Day 905

In a world where we are able to constantly whine and complain about the atrocities of life and put those complaints straight out into cyber world at the touch of a button, we sure do love ourselves an awful lot. We tweet, post, and message every thought that comes into our pretty little heads (most of the time while being grammatically and politically incorrect) without blinking an eye. We assume that anyone and everyone actually cares what we look like while we are taking our “car selfies” and hope that our newest snapchat filter gets a bazillion likes. This is where we are at. Don’t even try to deny it. The reality is that through all these new forms of social media, our main goal is to gain approval. I’m not exactly sure whose approval we are seeking, but if we get more hearts and smiley faces I think that’s supposed to be a good thing. I do it too. I desperately want validation from the Internet land for my divorcedyetdevoted Instagram posts (see how I snuck in that ad for my Instagram?)and when I post on my personal account I spend a fair amount of time trying to find the filter that will make me look like a skinny goddess while also hiding my acne and wrinkles. 

But it’s more than social media. We blame social media, because poor ole social media is the easy scapegoat. We are searching for glory. Personal glory. Personal satisfaction. We are seeking personal happiness. Fair enough. Who doesn’t want to be happy? But what is the barometer for happy? Are we looking at our neighbor or co-worker or friend or relative and trying to attain the level of happiness we perceive them to be at? Do we have a goal in mind for ourselves? If we complete a check-list of five major accomplishments, does that equal happy? Will 100 likes on Facebook help us obtain “happy?” What about 200 likes? 300? What if we only get 50 likes? Does that mean we fail? Anything below 40 likes basically means you have no friends and no one likes you and you are destined for gloom and despair for the rest of your days. Are those the rules now? 

This is perhaps (I said perhaps, which means I may be wrong) my biggest personal mountain to climb. I am beyond guilty of seeking a fulfilling existence by selfishly striving to accomplish MY individual set of life goals. I strive to erase the failures I feel from my divorce by being my version of the perfect girlfriend, daughter, actress, friend, etc. I have my own set of rules for what is “right” and if I check all the boxes, then maybe, just maybe I will be able to wash away this scarlet letter from my past. I find myself troubleshooting possible problems in all of my relationships just so I don’t fail again. I am seeking acceptance from those who already love me. I am seeking approval from the world. I am seeking validation that the woman I am is a perfectly fine woman to be.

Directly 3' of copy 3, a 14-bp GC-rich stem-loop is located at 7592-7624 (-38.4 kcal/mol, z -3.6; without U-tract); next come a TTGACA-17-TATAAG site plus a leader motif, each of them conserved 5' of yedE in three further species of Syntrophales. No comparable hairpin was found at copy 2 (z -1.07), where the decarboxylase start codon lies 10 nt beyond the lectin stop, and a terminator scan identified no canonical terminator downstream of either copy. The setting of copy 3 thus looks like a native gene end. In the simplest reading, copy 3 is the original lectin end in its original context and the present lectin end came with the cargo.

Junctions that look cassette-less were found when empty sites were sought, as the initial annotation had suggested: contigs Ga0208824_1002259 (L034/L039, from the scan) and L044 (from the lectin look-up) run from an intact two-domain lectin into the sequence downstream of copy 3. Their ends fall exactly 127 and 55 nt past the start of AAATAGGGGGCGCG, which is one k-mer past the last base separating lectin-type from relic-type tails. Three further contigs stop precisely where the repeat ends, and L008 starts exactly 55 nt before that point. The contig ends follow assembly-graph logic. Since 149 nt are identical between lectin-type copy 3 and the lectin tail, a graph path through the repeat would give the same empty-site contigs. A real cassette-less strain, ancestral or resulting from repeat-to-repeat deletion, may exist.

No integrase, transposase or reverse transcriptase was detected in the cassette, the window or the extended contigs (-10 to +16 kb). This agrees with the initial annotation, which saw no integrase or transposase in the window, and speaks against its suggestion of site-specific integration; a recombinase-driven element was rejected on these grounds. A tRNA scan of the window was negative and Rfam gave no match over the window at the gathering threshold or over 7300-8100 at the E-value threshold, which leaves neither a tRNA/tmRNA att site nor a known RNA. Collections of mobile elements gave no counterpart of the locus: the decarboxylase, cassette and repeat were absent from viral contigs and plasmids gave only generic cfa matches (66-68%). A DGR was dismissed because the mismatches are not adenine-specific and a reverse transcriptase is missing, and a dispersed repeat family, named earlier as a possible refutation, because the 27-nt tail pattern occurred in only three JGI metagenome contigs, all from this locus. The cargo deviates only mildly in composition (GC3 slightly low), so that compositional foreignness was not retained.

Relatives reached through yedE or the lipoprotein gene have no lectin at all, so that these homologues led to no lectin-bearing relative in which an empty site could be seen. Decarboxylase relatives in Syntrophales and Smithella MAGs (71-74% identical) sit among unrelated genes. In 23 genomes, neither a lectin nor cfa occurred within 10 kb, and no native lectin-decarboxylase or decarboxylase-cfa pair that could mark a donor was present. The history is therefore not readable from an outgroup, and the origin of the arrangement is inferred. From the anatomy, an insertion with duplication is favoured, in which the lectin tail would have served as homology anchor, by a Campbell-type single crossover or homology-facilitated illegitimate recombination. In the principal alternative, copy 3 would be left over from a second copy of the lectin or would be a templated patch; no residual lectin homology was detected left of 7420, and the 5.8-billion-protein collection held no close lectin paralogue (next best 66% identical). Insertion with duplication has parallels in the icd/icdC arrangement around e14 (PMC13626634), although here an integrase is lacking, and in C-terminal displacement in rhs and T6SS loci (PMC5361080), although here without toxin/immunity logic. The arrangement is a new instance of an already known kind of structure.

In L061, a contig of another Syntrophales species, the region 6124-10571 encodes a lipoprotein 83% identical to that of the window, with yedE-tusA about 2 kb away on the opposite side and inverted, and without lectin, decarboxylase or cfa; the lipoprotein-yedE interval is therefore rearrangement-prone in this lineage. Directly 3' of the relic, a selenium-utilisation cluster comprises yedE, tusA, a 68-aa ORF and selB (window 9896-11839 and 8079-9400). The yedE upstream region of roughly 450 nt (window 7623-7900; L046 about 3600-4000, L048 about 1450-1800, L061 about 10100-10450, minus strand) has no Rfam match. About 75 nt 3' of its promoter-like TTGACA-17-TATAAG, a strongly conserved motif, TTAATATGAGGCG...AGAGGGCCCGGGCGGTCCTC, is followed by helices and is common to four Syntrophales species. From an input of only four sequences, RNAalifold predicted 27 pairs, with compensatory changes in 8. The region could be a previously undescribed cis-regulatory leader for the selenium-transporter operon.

When did I stop seeking God’s glory? When did that stop being first and foremost the desire of my heart? How did I fall so far from the very truth that has kept me moving forward for the past three years? My terrible confession is that I stopped believing that God had a plan for me. I thought that he had saved me from a disastrous time in my life and I suppose that’s all I deserved. Other people deserve to feel safe and beautiful and loved and secure. I wasn’t allowed to wish for anything more because God had already done so much for me. I had run out of pixie dust. It would be selfish to ask for more. 

And then, about 4 days ago (Thank you, Jane) I was reminded to keep seeking HIS glory above all else. I sat in front of a desk in a little cottage I am living in during my time in Missouri and held out my hands as I wept. What a fool I am. A woman who writes a blog about God’s overwhelming grace…who had so quickly forgotten how God’s grace works. I know I am strong. I know I am smart. I know I am brave. But I also know I am nothing without God’s grace. His magnificent grace. When did I start to allow anyone else to attach a worth to my soul? The answer in how to get through this beautiful life we have been given is not to “double tap” random moments, but to allow God’s grace to rain all around you. By learning to seek HIS glory first and foremost, we simply step into grace. 

2 Corinthians 12:8-9 “Three times I pleaded with the Lord to take it away from me. But he said to me, “My grace is sufficient for you, for my power is made perfect in weakness.” Therefore I will boast all the more gladly about my weaknesses, so that Christ’s power may rest on me.” 

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